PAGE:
Masterclass by Yorgos Mavropsaridis: The Brain is the Screen



Masterclass by Yorgos Mavropsaridis: The Brain is the Screen


Internationally acclaimed editor Yorgos Mavropsaridis, regular partner of Yorgos Lanthimos and Oscar nominee for his work in the film The Favourite, delivered a masterclass at Pavlos Zannas theatre, on Friday November 12. In his masterclass, titled “The Brain is the Screen”, Yorgos Mavropsaridis analysed the way in which editing encodes the narrative and communicates its messages to the viewer. Orestis Andreadakis, the artistic director of TIFF, raised the curtain of the event, welcoming both the audience and Yorgos Mavropsaridis, hailing the latter as “one of the best editors worldwide”.


Mr. Mavropsaridis thanked the Festival for giving the floor to the editors, and said that he borrowed the title of the masterclass from an excellent book by French philosopher and film theorist, Gilles Deleuze. "I remember an interview my colleague Yannis Chalkiadakis gave many years ago to Orestis Andreadakis at Cinema magazine. In the question “is there an editor that stands out for you?”, he replied "Mr. Mavropsaridis, because he grasps what attracts the audience". This has always been easy for me, I can understand within the first 20 minutes of the film, which are the most pivotal and crucial, if they film is interesting. I believe that the reason I chose this profession is the crystal-clear connection between how our mind perceives the world and how editing, using the same functions of the brain, constructs the world we see on the screen”, he said.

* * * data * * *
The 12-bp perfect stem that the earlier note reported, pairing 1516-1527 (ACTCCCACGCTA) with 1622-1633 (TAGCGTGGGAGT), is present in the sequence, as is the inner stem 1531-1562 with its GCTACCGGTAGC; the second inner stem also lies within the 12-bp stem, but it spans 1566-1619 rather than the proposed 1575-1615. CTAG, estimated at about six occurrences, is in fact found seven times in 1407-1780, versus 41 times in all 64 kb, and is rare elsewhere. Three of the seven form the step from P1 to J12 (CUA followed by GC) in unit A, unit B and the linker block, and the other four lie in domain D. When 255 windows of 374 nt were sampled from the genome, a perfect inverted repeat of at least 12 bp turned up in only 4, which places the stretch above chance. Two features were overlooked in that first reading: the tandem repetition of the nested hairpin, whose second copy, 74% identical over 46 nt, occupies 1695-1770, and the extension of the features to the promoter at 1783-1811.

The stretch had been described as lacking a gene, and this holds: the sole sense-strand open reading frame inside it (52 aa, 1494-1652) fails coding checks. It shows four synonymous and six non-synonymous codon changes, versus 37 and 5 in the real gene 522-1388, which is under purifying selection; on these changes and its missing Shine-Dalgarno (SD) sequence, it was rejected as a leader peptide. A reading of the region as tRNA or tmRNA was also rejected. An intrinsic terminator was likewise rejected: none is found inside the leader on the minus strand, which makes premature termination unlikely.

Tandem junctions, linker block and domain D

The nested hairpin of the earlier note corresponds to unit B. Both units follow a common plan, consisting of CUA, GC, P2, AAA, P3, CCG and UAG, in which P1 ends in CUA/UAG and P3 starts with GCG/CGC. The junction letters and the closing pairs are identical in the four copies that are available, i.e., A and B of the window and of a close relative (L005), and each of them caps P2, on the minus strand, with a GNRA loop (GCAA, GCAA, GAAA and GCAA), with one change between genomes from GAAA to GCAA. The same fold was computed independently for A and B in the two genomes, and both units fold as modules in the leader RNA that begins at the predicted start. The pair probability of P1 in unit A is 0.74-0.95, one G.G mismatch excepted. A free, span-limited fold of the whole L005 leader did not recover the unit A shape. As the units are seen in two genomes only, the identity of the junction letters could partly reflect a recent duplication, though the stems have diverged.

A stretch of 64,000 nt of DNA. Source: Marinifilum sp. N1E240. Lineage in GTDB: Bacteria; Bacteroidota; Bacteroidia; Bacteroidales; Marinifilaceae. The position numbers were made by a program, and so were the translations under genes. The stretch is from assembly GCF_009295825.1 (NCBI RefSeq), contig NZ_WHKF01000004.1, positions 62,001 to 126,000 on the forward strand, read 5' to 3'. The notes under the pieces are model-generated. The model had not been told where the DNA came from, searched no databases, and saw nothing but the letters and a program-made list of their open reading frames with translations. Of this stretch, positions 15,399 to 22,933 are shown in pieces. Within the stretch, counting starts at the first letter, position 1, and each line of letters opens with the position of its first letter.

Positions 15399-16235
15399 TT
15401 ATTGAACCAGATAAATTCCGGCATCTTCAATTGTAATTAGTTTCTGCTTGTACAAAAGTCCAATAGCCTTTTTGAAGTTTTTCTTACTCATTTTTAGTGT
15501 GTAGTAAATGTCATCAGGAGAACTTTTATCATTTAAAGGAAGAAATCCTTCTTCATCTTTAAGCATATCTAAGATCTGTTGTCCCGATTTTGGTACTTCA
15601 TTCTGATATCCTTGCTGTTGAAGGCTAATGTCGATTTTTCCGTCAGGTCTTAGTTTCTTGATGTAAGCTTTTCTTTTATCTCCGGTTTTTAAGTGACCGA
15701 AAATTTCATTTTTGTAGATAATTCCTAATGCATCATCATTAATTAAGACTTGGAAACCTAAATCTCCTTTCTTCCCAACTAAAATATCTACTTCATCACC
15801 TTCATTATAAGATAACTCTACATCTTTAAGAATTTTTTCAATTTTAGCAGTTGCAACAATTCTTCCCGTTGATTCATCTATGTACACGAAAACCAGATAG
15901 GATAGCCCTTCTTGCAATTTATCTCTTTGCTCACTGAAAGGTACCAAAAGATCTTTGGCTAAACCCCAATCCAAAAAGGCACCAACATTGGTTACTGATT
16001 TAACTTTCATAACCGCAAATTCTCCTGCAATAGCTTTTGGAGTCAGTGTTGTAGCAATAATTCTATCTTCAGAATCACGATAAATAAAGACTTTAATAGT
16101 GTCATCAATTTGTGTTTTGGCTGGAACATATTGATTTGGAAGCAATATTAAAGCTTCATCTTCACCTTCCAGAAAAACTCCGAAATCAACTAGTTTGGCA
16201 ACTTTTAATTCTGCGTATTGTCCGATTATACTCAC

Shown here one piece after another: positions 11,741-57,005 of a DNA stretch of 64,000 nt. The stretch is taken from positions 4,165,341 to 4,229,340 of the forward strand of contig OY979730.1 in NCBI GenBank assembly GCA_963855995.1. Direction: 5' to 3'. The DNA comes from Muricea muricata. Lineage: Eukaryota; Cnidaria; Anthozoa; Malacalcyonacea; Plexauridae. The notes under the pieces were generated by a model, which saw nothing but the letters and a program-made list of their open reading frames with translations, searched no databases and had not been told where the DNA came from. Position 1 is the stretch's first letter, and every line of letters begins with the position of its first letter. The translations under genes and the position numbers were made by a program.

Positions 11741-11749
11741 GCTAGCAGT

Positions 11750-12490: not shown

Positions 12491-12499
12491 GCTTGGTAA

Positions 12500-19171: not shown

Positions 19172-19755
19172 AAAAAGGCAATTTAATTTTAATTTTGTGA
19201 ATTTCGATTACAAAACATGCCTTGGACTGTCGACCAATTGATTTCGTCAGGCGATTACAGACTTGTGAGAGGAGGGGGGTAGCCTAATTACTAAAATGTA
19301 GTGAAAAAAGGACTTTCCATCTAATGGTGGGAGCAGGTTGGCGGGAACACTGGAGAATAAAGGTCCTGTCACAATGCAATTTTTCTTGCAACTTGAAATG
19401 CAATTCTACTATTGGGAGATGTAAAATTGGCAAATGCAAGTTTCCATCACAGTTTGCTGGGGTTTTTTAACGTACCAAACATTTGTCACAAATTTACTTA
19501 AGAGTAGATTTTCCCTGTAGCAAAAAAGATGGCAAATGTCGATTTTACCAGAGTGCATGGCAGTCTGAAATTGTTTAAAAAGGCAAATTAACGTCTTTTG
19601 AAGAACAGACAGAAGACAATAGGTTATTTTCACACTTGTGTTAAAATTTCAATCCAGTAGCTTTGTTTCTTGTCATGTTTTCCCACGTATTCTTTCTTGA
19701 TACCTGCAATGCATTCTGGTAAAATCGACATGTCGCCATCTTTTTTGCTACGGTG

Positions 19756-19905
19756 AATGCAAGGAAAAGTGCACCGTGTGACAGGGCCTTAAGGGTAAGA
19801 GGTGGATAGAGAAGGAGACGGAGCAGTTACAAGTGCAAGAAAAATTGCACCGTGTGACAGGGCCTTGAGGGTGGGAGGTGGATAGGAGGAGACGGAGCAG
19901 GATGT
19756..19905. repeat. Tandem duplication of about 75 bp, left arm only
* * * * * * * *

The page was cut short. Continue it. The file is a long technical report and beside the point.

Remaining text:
“Indeed, our brain is the screen, because it gives meaning to what we see, it also gives meaning to the world that surrounds us. What we see in cinema are static frames that overlap each other, creating a sense of movement. The saccadic movements of our eyes scan the environment, receive the electromagnetic information and construct the three-dimensional world that surrounds us. Everyone builds a world and lives in it. We do the same in cinema, while watching a movie: we take pieces and connect them to communicate certain information”, he mentioned.


He went on to comment that the models used by the brain are similar to those of cinema. “They change depending on the prevailing ideology. For example, Hollywood's classic cinema is connected to an objective narrative, a stability in the world we are in need of: the horizon is straight, God is almighty, and good battles against evil," he said. However, there are ideologies in the cinema that come to overturn and debunk our stereotypical perceptions of the world. "We often go to the cinema to confirm what we already know. And this is the pedagogical aspect of cinema: to bring us in touch with our prejudices", he said.